Consumer Organizations Defend New Hampshire Prescription Data Law

September 12, 2007

Several consumer organizations filed a brief asserting that a New Hampshire law banning the sale of some prescription drug information does not restrict free speech, the National Legislative Association on Prescription Drug Prices (NLARx) announced.

A federal judge permanently enjoined New Hampshire from enforcing its ban on the transmission of physician prescribing information for commercial purposes earlier this year. The law would have banned the sale of prescription drug information that identifies patients and prescribers for commercial marketing purposes.

Paul Barbadoro, U.S. District Court Judge for the New Hampshire District, said the law “restricts constitutionally protected speech without directly serving the state’s substantial interests.”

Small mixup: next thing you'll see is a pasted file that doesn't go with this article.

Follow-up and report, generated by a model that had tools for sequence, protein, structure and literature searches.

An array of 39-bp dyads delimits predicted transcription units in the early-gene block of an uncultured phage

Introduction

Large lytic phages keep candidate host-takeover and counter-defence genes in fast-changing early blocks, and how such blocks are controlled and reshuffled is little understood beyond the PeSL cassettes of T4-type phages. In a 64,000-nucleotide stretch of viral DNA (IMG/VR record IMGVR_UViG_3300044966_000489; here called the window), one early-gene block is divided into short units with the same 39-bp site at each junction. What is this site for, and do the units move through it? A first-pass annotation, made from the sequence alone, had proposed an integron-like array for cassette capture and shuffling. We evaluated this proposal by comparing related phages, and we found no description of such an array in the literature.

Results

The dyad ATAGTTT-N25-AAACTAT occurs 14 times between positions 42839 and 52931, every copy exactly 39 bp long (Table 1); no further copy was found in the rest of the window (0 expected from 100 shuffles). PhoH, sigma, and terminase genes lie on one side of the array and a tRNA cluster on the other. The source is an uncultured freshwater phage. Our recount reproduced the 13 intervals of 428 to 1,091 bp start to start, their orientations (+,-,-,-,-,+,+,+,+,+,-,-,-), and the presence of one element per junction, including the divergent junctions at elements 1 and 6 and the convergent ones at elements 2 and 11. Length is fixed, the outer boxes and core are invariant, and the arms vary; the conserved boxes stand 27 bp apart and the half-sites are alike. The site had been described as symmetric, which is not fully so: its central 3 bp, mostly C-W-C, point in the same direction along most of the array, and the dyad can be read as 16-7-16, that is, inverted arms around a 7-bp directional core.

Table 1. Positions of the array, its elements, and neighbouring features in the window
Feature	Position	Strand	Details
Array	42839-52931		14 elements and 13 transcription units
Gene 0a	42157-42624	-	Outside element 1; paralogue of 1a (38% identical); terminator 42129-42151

The opinion “is deeply flawed and is bound to be overturned” by the First Circuit Court of Appeals, Sean Flynn, associate director of American University’s College of Law Program on Information Justice and Intellectual Property, said. Flynn filed the brief on behalf of NLARx and several other organizations.

Prescription data trading does not qualify as speech because it was communicated between private parties for purely commercial purposes, therefore the law does not violate free speech protection, Flynn said. “There is no First Amendment right for marketers to have access to any identifying data they want to guide their efforts,” he added.

In addition, the New Hampshire bill would bring benefits by fighting inappropriate influence in prescriptions, promoting public health and keeping healthcare costs down, Flynn said.